Sunwood Student Art Show

Stony Brook University graduate Marielle Frey thought it was unfair nails always get hammered into wood, sheetrock or metal—why not reverse the relationship and give nails a chance to do some whacking?

That train of thought inspired Frey as she made “Nail Karma,” a six-foot tall hammer made out of hundreds of nails welded together. It’s currently University President Dr. Samuel Stanley’s favorite piece in the second annual juried art competition at Sunwood, Stony Brook’s off-campus conference venue overlooking the Long Island Sound in Old Field Village. A small part of Sunwood also serves as the home of Stanley and his wife, Dr. Ellen Li.

The conference center’s walls were bare when the couple first arrived at Sunwood in 2009. Robert Kenny’s art filled the cedar shake-sided mansion when his wife, Shirley Strum Kenny, served as president. But the Kenny’s took it when she retired.

Stanley and his wife had not seriously collected art before arriving at Stony Brook, but he liked what he saw at his 2009 inauguration. “I was impressed by the quality of what was done,” Stanley said. “It combined well with the need I had when I first came to Sunwood.”

imageStanley saw the white walls as an opportunity to showcase student art, which only occasionally makes it into off-campus galleries and exhibition spaces, and is sometimes overshadowed by the science and research accomplishments at the institution.

A few layers of review stand between student projects and a coveted placement at Sunwood. Throughout the year, Stony Brook’s art faculty picks out exceptional pieces for a small committee of university affiliates to review, said university spokesperson Lauren Sheprow. Then, in April, the committee whittles down the work to a best-of-the-best collection for the president and his wife to choose from, explained Carol Marburger, a committee member. Marburger is the wife of the late Jack Marburger, the former university president, Brookhaven National Laboratory director and science advisor for President George W. Bush.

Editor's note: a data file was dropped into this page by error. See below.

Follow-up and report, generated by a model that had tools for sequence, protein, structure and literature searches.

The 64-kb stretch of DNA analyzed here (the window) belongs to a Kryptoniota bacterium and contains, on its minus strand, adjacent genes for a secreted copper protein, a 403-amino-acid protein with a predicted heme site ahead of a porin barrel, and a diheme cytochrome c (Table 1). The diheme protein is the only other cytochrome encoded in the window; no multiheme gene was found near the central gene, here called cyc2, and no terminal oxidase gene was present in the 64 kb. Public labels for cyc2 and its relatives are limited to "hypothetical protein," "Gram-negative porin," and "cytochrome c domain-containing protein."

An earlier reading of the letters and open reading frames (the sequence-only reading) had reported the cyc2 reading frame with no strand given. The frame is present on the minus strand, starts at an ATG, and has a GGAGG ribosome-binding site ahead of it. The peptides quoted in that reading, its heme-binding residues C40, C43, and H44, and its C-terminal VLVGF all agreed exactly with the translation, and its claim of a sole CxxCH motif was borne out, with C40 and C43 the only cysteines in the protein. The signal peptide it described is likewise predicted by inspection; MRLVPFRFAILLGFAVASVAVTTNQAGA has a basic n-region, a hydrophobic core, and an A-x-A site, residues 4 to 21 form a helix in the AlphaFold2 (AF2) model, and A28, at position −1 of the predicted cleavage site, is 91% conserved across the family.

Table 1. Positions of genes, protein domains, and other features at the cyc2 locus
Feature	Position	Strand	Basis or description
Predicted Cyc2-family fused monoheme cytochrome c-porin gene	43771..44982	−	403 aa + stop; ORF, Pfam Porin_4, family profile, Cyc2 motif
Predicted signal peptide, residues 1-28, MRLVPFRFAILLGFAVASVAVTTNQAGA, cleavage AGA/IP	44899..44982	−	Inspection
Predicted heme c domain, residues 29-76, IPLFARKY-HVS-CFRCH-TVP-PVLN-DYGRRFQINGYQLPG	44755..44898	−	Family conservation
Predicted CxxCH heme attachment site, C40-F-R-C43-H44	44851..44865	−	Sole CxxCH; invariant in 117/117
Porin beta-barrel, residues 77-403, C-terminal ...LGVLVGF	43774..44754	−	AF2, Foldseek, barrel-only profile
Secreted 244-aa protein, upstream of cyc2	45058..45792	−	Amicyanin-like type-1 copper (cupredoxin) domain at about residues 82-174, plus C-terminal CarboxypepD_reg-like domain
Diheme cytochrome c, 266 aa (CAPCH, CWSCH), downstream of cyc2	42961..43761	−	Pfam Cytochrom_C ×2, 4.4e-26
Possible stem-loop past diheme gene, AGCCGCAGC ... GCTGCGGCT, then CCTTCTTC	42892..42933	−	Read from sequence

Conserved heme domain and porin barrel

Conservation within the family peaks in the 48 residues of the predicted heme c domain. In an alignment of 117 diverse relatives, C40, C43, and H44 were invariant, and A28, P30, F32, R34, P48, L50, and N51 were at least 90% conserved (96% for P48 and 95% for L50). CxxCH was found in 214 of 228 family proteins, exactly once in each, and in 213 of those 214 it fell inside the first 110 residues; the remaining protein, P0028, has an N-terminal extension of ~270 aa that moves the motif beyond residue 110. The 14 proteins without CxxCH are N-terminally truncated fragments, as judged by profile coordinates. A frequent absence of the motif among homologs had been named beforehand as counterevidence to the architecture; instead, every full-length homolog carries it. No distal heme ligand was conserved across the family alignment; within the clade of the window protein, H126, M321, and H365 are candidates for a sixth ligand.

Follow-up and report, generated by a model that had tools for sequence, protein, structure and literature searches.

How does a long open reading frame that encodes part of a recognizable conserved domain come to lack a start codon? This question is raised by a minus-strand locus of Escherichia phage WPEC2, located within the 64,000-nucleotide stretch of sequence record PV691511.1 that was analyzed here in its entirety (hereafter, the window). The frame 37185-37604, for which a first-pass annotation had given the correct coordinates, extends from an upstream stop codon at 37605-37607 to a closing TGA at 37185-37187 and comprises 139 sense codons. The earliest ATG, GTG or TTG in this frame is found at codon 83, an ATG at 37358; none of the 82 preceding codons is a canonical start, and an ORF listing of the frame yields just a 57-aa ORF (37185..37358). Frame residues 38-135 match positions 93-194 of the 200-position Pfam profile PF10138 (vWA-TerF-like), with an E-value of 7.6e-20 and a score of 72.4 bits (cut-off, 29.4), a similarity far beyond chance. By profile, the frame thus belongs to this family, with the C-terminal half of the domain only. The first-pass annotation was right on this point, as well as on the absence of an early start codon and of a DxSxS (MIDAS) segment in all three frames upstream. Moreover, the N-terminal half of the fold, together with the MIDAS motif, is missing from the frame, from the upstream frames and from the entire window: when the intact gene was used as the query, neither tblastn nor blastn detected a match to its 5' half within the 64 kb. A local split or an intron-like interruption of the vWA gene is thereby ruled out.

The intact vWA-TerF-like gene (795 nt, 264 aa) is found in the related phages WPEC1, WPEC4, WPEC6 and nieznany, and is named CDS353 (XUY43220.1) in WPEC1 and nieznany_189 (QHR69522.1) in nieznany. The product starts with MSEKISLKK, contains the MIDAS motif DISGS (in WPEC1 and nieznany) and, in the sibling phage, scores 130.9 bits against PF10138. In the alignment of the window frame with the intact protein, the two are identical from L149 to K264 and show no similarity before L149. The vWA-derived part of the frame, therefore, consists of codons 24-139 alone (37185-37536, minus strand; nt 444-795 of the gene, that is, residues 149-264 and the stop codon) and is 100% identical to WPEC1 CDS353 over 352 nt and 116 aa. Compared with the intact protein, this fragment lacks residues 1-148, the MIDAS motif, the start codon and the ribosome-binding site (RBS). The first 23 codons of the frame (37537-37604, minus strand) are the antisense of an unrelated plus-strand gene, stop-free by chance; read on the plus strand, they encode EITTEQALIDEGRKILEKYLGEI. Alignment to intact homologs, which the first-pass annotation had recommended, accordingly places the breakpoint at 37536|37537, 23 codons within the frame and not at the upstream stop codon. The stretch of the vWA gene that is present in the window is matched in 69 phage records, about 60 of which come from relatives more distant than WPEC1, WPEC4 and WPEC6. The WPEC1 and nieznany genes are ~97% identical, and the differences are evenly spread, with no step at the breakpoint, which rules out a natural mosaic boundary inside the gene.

Committee members select art based on personal preference. But the group also tries to find pieces that are diverse in terms of media and subject. Sunwood’s historical style factors into their decision-making process, too. “There are pieces we love and pieces we appreciate but would not want to live with every day,” Marburger wrote, adding that her favorite is a linocut print called “String Cheese Trapeze” by Stephanie DeSimone.

Having a work featured in Sunwood is a distinction in the Stony Brook art department and means major exposure for burgeoning artists. Between 30 and 50 events are held in the mansion each year, with a maximum of 125 guests at each function. “People have sold their work from there,” Frey said. “It’s a great opportunity to say your work is there.”

Frey’s work is on display with other standout pieces including life-size topless dancing women painted in primary colors, a ceramic piano key sculpture and a small picture of two soldiers standing on top of a humvee in Iraq. The future Stony Brook master’s candidate scored a sale after “Nail Karma” made it into Sunwood. A visitor who Frey declined to name commissioned her to make a smaller version of the work as well.

“I was shocked everyone loved it so much,” Frey said. “I think people can see the obvious relationship between the material and object, and a lot of people can relate to it because it’s about karma, and doing things people say you can’t.”